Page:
Dubai will change the way that private hospital treatment is paid for to cut down on overcharging and unnecessary procedures.
Health insurers will pay a predetermined amount for a service, rather than foot the bill that a particular doctor or hospital sends it.
Dubai Health Insurance Corporation said the overhaul had been four years in the making and that insurers and hospitals had signed up.
Saleh Al Hashimi, chief executive of the corporation, said the introduction this month would "undoubtedly help both providers and payers and most importantly benefit patients".
“It will further drive up efficiencies in inpatient care, improve quality of care across the spectrum and encourage cost reduction which will help build a robust and dynamic health sector," he said.
The complex system calculates the cost of medical procedures for each insured patient.
It uses algorithms to fix base fees for treatments of a range of health conditions.
The system, known as a Diagnosis Related Group, should prevent one hospital charging far more than another for the same service.
The payment covers all charges associated with an inpatient stay, from arrival to discharge.
Officials last year said it would later be brought in for all outpatient services.
How it works
This new system unifies the codes insurers use to pay hospitals - so they are all paying out for the same level of treatment.
Until now, one hospital may call a heavy cold an "upper respiratory tract infection", while another may call it flu, with a different code and choice of treatments for each.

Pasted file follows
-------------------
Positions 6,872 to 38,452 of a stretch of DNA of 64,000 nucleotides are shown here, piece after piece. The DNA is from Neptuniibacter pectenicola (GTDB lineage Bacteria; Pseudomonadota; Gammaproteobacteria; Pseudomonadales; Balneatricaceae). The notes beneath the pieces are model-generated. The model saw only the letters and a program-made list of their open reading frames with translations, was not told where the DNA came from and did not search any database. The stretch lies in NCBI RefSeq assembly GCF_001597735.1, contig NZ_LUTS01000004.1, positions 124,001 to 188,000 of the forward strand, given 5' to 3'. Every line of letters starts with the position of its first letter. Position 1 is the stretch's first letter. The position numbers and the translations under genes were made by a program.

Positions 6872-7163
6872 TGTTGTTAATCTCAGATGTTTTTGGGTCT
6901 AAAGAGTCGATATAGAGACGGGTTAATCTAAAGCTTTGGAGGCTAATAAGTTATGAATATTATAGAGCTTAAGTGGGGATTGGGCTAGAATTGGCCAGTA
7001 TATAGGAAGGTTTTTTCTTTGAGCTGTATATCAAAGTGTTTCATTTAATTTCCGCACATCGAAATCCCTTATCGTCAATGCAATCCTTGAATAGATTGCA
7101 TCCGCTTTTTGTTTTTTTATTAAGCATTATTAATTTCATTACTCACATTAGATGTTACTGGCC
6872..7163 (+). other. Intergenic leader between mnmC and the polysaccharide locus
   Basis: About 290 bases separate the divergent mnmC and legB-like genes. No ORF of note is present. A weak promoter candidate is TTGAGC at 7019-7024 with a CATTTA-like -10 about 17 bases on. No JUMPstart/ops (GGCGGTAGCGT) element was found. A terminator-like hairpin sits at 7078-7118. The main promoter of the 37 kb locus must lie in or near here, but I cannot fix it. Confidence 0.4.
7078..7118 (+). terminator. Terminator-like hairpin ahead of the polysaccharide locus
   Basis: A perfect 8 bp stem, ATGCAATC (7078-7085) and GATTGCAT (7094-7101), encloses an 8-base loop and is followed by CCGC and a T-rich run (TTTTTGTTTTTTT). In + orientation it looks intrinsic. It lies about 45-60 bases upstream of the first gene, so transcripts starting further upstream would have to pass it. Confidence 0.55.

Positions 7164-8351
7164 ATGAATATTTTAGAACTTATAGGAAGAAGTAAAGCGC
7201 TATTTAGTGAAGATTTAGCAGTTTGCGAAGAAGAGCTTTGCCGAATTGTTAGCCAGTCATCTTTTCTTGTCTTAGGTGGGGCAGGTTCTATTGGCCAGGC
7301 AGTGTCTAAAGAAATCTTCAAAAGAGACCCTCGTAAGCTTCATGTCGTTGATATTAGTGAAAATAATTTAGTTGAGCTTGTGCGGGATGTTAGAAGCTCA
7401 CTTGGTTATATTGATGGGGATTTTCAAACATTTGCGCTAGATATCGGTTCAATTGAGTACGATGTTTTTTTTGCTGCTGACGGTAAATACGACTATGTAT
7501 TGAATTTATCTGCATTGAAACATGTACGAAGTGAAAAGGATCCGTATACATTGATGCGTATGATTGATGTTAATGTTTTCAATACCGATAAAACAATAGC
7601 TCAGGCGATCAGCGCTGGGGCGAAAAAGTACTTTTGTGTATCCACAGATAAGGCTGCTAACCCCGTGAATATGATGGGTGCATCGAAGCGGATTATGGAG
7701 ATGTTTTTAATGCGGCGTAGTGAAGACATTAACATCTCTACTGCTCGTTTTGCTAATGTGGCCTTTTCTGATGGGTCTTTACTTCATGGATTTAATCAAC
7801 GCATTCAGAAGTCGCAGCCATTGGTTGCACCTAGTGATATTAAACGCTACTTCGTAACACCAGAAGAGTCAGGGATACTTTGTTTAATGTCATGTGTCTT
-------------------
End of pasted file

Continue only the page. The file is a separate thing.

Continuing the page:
Now, they are all unified with the same code for similar diagnosis, so it is clear what treatment is required and what will be paid for.
Any hospital with a charge substantially greater than the average for that cost of treatment would be flagged to the authorities.
It encourages hospitals to be more efficient, move patients through the system quicker so hospitals get paid faster by the insurer.
The system is similar to those already in use in Canada, Germany, New Zealand, Australia, Singapore and Hong Kong. It was first conceived in the 1960s to prevent private hospitals keeping patients in unnecessarily and charging by the day.
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Insurers have long accused hospitals of charging for unnecessary procedures and tests, using expensive branded drugs and over-prescribing, creating a culture of waste.
But hospitals said a recent cautious approach to health insurance has led to delays in approvals on high risk surgeries, forcing some patients overseas for medical procedures.
In 2019, Abu Dhabi hospitals were mandated to give patients a full breakdown of medical bills in a bid to improve transparency in the health sector.
Under the changes, providers were told bills must include detail of provided treatment to educate patients on the real cost of healthcare to empower them to question any costs.
It is hoped the changes in Dubai will lead to further efficiencies in overall healthcare and related insurance premiums as the new system beds in.
Mr Al Hashimi said he wanted to see a shift toward clinical excellence and away from simply payment for a service.
“Hospitals will become more efficient, leading to improved patient outcomes and increased patient satisfaction while reducing waiting time for approvals.”